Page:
Our political dialogue is distorted by a big disconnect: Only rarely do we link our discussions of economic problems with talk about values.

Sure, you can find scores of politicians who have recited the words “budgets are moral documents.” But a sound bite does not an argument make.

The prevailing tendency is to place our conversations into discrete boxes: economic questions (inflation and growth), “values” issues (which tend to be abortion, LGBTQ rights and racial justice), and spending programs (these days, the ones in the Build Back Better bill).

But how we deal with economic problems says a great deal about what we value. Start with those who would have the Federal Reserve immediately slam down on the economic brakes. What they won’t admit is that this reflects a strong preference for taming inflation over confronting the suffering that a premature slowdown would impose on lower-income workers — at the moment when they are just beginning to earn higher wages.

Similarly, those who blame inflation on the economic rescue package President Biden and the Democrats pushed through in March choose to ignore how much that package did to improve the standard of living of so many Americans, especially the least advantaged.

A comparable logic applies to the debate over Build Back Better. It should be informed by a comparison of what Republicans chose to do when they controlled both houses of Congress and the presidency, and what Democrats are trying to do now with their tenuous trifecta.

The GOP focused on two big things: slashing taxes on corporations and the wealthy, and trying (fortunately, unsuccessfully) to repeal the Affordable Care Act, which would have deprived some 20 million Americans of health insurance coverage. “Smaller government” (although not a smaller deficit) would be their way of describing their goals. A government friendlier to the best-off and harsher toward those with the fewest advantages would be another.

By contrast, even a slimmed-down Build Back Better bill would expand health coverage by some 4 million additional Americans, and perhaps more, continue the expansions in the child tax credit that has already cut child poverty roughly in half, slash the costs of child care for most families, and establish universal pre-K programs. How’s that for “family values”?

The bill also invests a record amount of money in battling climate change, and significant sums in housing affordability, workforce training and higher education.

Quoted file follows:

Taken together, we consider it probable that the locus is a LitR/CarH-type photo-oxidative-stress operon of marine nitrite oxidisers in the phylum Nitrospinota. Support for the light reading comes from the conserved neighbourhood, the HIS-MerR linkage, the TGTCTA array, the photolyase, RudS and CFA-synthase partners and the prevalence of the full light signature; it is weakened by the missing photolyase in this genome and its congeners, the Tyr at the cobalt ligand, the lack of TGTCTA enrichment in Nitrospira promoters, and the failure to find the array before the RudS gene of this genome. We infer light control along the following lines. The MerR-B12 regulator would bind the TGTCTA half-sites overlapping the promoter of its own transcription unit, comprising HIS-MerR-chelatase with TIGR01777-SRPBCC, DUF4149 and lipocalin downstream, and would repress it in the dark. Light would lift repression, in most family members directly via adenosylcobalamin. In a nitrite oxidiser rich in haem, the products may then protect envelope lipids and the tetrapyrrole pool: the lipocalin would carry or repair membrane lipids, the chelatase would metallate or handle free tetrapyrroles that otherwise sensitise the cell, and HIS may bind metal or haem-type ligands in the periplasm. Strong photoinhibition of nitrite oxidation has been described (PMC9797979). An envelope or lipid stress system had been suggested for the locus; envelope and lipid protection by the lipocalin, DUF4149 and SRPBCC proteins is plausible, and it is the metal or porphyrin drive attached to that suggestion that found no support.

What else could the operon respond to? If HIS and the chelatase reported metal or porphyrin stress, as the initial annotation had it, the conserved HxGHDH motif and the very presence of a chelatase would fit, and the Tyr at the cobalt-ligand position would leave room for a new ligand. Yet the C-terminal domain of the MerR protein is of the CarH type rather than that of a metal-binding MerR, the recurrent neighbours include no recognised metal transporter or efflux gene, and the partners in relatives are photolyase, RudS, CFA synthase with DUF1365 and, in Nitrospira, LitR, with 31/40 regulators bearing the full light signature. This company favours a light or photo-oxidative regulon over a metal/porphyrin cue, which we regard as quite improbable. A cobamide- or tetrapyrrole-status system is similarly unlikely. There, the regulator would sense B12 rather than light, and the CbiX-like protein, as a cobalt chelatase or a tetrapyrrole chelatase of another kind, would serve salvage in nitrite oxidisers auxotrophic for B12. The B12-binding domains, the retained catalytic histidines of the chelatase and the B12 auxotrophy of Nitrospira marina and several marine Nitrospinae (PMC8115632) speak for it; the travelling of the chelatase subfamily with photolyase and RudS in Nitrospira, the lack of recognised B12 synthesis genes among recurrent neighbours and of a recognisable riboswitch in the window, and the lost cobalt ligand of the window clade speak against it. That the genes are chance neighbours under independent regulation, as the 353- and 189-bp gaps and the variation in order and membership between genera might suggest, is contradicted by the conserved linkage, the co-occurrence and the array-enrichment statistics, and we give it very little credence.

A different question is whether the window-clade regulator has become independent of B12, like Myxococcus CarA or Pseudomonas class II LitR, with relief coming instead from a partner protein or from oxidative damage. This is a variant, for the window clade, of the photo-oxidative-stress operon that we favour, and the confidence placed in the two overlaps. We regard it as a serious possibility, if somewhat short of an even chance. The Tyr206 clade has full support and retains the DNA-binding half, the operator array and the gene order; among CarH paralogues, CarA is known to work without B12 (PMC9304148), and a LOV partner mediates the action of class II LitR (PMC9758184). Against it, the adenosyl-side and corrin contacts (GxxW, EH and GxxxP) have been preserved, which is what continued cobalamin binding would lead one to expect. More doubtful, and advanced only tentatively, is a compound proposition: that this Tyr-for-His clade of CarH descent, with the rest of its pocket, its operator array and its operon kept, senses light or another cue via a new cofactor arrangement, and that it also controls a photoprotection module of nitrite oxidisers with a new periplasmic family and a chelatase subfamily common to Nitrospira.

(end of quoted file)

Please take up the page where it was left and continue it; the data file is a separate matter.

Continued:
It is not surprising that Republicans want to talk about “big spending” and leave it at that. But if Democratic politicians are incapable of shifting the conversation to the terrain of values — care for children, upward mobility, shared economic growth, enhanced educational opportunities, health care for everyone — they should find another line of work.

Of course, whenever the issue of framing the political debate arises, we can’t ignore the role of the media. Political commentary is, by its nature, episodic, headline-driven and subject to the distortions introduced by preconceptions.

I know what I’m talking about because I have committed all of these sins.

The current media environment complicates matters further, because right-wing outlets and mainstream sources of news are engaged in very different enterprises.

Conservative and far-right outlets are single-mindedly opposed to Democrats and progressives and are happy to pick up any stone to throw at Biden.

They have no qualms about declaring in the morning that inflation is the administration’s biggest failure and turning smartly in the afternoon to slowed employment growth. By evening, they’ll be bashing Democrats on critical race theory, the schools, or covid-19.

Meanwhile, the mainstream media prides itself on reporting “both sides” and challenging whoever is in power. The net result, as a study commissioned by my Post colleague Dana Milbank found, is that “Biden’s press for the past four months has been as bad as — and for a time worse than — the coverage Trump received for the same four months of 2020.” Even Democratic-leaning commentators regularly express frustration with Biden for 1) not being progressive enough, or 2) being too progressive, or 3) not being tough enough on his Republican foes, or 4) not talking about the right issues, or 5) not getting out there enough, period.

Milbank is right that the mainstream media must do far more to confront the Republican Party’s challenge to the democratic system itself. Nevertheless, political actors — this means you, Democrats — have a responsibility to play the hand they’re dealt.

Yes, Biden and his party will be judged in large part by how well they deal with the overriding issues — the pandemic, prices, jobs.

But all of us need to pay attention not just to whether problems are solved, but also to the values reflected in which problems politicians choose to confront and how they go about it. Republicans are skilled in moving arguments to the terrain of “values.” Democrats should not grant them a monopoly in this sphere.


An earlier version of this column incorrectly reported the number of Americans who would gain health coverage under the Build Back Better bill. This version has been corrected.